Bose took active noise canceling seriously and made it mainstream. As the market caught up eventually, it’s easy to find a headphone with competent features. Today, we’re catching up with why choosing Bose Noise Cancelling Headphones 700 is still a great choice.
Will the new design, improved sound quality, and touch-sensitive playback controls are enough reasons to buy? Read on for more ideas.
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The well-built, lightweight, and easy-to-use design make up for a gorgeous headphone. With its minimal design, you’re getting only a total of three buttons. Two of them don’t have any labels or icons at all. It’s not a big deal since you won’t even see the labels when you’re wearing them anyway.
On the right earcup, you got the Bluetooth pairing/power button. You can tell them apart since there’s a small Bluetooth logo when you turn the headphone on. The touch-sensitive gesture pad on its right ear cup doesn’t have any playback buttons anymore.
You’ll still get ear cups that rotate 90 degrees. It’s easier to rest them around your next when the situation calls for it. But if you want to keep them safe, you better use the included hardshell case when in use.
While the Bose Noise Cancelling Headphones 700 is a comfortable headphone, you can still say that it’s a step backward. Stiffer earcup paddings are used compared to previous cushions present in QC35 II. This technology is better in noise isolation, but your ears can get hot after a few hours of usage.
The Bose 700’s plus side is that it now rocks a soft rubberized plastic. You can find the same material on the Beats Studio3 headphones. The only problem is that the plastic might pull your hair occasionally. That sounds like a vast nitpick, but given its price tag, you’d expect more.
While Bose Noise Cancelling Headphones 700 don’t have high-quality streaming codecs, they still offer superb sound quality.
Some might agree that they sound better than the Bose QC35 II. The QC35 II headphones make any note less than 50Hz lower than the rest of the lows. Vocals in the mids will sound great instead of being overtaken. Many users agree that vocals tend to sound smoother because they’re not overly emphasized with Bose Noise Cancelling Headphones 700.
Make sure to download the latest Bose Music app to get the most out of this pair of headphones. This app is there to walk you through the setup process, and it’s user-friendly too. If you’ve been from one headphone app to another, you’ll know how hard it is to navigate most of them. Bose Music app begs to differ.
If you’re using an Android, there’s a little drop-down card available. It helps pair quickly and hook up with Google Assistant. Once the headphones are connected, you’re off to a smooth usage. You can now adjust the level of active noise cancellation or even rename the headphones.
In the app, you can also switch between devices easily. As long as you create an account with Bose, you can switch between one saved device to another. This feature comes handy when you’re having a hard time figuring out which one you want to listen to.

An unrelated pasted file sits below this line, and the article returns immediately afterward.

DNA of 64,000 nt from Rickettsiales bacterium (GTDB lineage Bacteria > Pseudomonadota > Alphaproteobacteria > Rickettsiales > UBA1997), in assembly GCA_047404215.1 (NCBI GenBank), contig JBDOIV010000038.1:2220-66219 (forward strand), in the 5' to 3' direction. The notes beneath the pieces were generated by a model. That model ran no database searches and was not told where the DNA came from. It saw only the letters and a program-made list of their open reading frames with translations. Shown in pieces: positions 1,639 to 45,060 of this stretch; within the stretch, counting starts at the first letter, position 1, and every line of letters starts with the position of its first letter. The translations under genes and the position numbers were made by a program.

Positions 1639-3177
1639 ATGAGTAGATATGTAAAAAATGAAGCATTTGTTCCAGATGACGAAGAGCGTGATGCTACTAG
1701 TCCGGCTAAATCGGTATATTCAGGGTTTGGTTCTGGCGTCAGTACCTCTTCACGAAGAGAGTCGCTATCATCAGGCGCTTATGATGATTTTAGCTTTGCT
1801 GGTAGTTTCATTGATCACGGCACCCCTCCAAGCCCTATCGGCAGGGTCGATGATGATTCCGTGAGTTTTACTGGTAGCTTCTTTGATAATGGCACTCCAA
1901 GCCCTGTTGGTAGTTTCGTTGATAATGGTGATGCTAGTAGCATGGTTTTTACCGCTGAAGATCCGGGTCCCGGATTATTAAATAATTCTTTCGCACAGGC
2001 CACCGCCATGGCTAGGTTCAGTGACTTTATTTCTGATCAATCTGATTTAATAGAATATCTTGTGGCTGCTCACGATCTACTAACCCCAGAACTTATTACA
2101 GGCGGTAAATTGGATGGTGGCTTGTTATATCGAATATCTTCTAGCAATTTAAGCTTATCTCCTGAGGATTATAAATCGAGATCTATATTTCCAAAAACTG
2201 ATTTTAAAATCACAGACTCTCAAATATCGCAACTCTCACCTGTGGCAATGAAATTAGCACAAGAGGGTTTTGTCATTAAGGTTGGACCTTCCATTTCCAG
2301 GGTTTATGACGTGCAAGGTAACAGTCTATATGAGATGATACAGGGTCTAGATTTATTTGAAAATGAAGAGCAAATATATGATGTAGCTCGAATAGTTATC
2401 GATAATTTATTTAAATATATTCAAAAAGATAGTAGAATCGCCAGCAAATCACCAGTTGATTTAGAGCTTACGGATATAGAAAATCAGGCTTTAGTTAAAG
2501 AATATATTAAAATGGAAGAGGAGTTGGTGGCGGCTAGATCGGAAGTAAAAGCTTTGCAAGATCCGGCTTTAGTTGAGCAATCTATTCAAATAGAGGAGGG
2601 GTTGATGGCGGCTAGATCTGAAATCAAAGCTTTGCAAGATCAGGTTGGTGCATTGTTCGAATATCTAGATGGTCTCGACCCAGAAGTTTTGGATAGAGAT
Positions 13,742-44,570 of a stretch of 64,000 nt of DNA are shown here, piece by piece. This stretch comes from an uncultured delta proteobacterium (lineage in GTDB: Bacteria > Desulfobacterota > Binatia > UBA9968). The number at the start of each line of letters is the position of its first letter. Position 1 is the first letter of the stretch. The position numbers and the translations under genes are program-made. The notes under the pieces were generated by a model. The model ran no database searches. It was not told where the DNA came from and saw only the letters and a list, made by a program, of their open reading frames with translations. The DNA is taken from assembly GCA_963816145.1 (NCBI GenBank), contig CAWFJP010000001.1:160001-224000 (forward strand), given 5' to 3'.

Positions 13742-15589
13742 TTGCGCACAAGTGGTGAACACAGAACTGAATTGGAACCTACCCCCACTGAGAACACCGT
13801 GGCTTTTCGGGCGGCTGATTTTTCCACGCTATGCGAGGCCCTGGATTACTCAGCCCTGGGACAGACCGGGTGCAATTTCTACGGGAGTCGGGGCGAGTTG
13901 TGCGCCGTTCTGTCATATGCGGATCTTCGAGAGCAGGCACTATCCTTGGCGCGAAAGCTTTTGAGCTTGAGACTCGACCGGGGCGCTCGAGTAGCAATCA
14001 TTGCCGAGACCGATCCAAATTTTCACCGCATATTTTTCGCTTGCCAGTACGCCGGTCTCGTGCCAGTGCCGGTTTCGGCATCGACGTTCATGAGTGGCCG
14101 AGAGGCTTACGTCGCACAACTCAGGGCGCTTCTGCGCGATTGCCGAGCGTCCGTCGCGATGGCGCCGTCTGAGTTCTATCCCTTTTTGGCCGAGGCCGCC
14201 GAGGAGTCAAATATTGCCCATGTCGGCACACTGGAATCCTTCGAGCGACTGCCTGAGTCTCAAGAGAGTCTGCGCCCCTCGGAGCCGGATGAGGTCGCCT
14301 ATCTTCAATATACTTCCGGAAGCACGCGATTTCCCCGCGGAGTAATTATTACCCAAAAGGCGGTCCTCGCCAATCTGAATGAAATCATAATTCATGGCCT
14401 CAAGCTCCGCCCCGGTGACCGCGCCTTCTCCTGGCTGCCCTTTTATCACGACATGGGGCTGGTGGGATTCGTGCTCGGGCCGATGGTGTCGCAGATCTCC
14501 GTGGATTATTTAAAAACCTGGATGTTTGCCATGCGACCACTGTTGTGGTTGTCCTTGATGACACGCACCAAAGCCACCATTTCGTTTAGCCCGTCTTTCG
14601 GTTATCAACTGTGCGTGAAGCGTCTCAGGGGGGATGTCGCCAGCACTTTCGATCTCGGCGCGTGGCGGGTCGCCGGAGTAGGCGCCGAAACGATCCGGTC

For example, you want to enjoy your playlist on your iPad and want to start watching videos on your phone, and you can select your phone in the app. It’s a seamless experience and saves you time compared to going through your devices’ settings all the time. In the app, you can pick which Assistant you want to activate.
Just one click in the custom button, and you’re using Google Assistant, Amazon Alexa, or Siri if you’re on iOS.
You can find the playback in the touch-sensitive pad on the side of the right earcup. Swiping backward or forward will skip between tracks. Swiping up or down will adjust its volume.
To avoid accidentally pause the music, Bose made two taps on the touchpad to pause tracks. You’re sure that the music continues unless you double-tap it.
When it comes to the connection, you’re getting the trusty Bluetooth 5.0. Holding a stable connection comes easily with your source device. But there’s a downside to this. The Bose Noise Cancelling Headphones 700 doesn’t have support for aptX. It means that it cannot allow two Bluetooth devices to share data efficiently.
Aside from the standard SBC codec, which all Bluetooth devices offer, this Bose Noise Cancelling Headphones 700 only offers AAC. While AAC codec isn’t a disadvantage, playing with Android devices can be challenging compared to iOS devices.
Also, try not to lose the 2.5mm cable included. It doesn’t have the standard 3.5mm input, which can be stressful if you need another one.
Bose remains superior when it comes to its battery life. If you love Sony WH-XB900N and its 35-hour battery life, Bose claims this one can go up to 20 hours.
In the Bose app, you can set a timer easily, which lets the headphones turn off automatically. So if you take advantage of this feature, you might be able to maximize the use of this pair. If you need to throw these back on its charger, you’ll love how it has USB-C this time.
You can agree that the Bose Noise Cancelling Headphones 700 is a great pair, but spending $350 can still be a big deal. With its great sound and noise-canceling features, you’re getting a positive experience. But you can get better battery life and good sound quality around $200, which can be significantly cheaper.
But if you’re up for the beautiful build that echoes its great features, then sparing more bucks might be ideal. Bose Noise Cancelling Headphones 700 is for everyone looking for a pair that checks all the boxes and has a few more dough to spare.